On Being an Ally

In today's society, it's very common to see folks who are apart of the LGTBQ+ community. But for these people, coming out to their family, friends, coworkers, etc., was probably not an easy thing to do. As a straight person, I will never fully understand what it means to be apart of the LGTBQ+ community, but I do know that every day these people still face discrimination. Could you imagine being discriminated against for who you are? Contrary to (some peoples') popular belief, your sexual orientation or gender are not a choice ( https://www.apa.org/topics/lgbt/orientation.aspx ) and (https://www.apa.org/topics/lgbt/transgender.aspx), yet there are still people who discriminate against these people. Many people hide who they are for years because they are afraid of coming out due to the fear of being bullied, harassed, or being discriminated against in their daily lives. Although we did take a huge step as a country in 2015 when same-sex marriage became legal, there are still awful things that happen to those who identify as LGBTQ+- Harvard even did a survey on it! You can read up on it if  you're interested at the link provided: https://cdn1.sph.harvard.edu/wp-content/uploads/sites/94/2017/11/NPR-RWJF-HSPH-Discrimination-LGBTQ-Final-Report.pdf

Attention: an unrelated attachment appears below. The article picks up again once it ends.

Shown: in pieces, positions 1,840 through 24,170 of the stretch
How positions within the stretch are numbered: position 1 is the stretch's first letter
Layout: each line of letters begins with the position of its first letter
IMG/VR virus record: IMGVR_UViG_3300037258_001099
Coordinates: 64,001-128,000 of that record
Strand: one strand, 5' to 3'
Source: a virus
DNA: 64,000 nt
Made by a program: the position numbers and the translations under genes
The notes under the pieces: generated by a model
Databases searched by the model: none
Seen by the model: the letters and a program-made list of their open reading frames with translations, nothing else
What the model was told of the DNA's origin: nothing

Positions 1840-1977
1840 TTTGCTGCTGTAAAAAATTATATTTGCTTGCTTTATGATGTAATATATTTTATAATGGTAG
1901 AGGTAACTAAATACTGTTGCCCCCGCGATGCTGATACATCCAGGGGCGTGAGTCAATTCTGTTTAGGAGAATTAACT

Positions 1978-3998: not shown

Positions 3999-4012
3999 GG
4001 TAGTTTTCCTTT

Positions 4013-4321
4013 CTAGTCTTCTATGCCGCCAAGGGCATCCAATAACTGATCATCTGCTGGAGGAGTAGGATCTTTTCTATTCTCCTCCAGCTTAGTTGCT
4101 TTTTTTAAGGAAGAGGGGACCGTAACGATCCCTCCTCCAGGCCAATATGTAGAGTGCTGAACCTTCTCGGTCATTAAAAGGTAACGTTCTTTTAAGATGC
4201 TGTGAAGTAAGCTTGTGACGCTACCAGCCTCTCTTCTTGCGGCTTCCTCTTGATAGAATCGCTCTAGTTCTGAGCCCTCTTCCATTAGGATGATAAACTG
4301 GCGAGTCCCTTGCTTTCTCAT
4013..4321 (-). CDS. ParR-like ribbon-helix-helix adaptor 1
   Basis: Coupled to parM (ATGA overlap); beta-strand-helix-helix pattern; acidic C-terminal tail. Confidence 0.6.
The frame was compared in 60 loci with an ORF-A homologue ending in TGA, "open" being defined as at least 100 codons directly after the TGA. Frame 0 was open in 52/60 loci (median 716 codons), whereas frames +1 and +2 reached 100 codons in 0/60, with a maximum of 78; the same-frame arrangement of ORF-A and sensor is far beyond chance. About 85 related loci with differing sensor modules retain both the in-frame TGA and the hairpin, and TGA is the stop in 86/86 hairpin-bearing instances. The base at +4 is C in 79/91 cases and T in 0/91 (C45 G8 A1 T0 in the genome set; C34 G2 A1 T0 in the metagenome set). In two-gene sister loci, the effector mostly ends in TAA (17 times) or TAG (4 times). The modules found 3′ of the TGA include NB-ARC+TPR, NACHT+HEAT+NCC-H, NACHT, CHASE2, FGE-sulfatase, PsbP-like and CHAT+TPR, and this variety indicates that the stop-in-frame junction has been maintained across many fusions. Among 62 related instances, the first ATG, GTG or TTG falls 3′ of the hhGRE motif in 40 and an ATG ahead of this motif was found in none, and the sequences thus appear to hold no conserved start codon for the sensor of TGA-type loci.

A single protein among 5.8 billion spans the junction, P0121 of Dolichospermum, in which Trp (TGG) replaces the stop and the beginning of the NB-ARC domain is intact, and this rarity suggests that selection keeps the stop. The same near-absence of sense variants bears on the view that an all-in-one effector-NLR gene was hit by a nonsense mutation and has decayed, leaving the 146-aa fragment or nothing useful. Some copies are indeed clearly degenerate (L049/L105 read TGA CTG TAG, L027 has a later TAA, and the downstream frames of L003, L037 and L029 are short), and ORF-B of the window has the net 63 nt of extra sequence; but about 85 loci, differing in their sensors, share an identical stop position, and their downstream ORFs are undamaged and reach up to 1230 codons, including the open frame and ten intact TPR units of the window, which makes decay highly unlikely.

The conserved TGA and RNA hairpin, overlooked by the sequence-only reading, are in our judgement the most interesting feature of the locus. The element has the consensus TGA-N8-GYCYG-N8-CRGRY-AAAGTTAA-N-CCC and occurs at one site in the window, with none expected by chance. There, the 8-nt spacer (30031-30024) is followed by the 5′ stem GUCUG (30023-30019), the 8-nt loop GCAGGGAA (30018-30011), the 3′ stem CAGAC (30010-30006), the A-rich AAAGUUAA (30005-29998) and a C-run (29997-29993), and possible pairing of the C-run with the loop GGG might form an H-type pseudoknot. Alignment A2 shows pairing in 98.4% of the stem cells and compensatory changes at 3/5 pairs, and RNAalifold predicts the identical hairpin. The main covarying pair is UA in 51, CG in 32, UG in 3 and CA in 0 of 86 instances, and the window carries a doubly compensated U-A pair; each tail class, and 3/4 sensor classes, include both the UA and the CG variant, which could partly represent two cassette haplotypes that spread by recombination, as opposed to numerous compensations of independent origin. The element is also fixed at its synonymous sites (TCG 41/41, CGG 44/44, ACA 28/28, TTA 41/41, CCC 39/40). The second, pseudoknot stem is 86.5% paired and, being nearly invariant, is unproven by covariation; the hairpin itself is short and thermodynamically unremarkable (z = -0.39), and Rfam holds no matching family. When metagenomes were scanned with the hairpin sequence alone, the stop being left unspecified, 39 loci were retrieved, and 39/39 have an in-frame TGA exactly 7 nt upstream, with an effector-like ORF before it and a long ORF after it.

It's important to be there and support people you may know who are apart of the LGBTQ+ community. Even the littlest support goes a long way. The easiest way to start is to show your acceptance and make them feel like they are safe being an LGBTQ+ individual. Again, start with the small things! Ask them how you can support them- you're probably not an expert on issues they face, ask them what's important to them! Find resources and read up on them to understand what being LGTBQ+ individual means so you can be fully supportive. Have courage in supporting your LGBTQ+ peers, speak up if you see them being bullied or discriminated against. Be reassuring with them, explain to them that them coming out to as a LGBTQ+ person will not change your feelings towards them. It's really all about understanding what it means to be LGBTQ+ in America and other countries as well, and being there for your peers when they need you to be.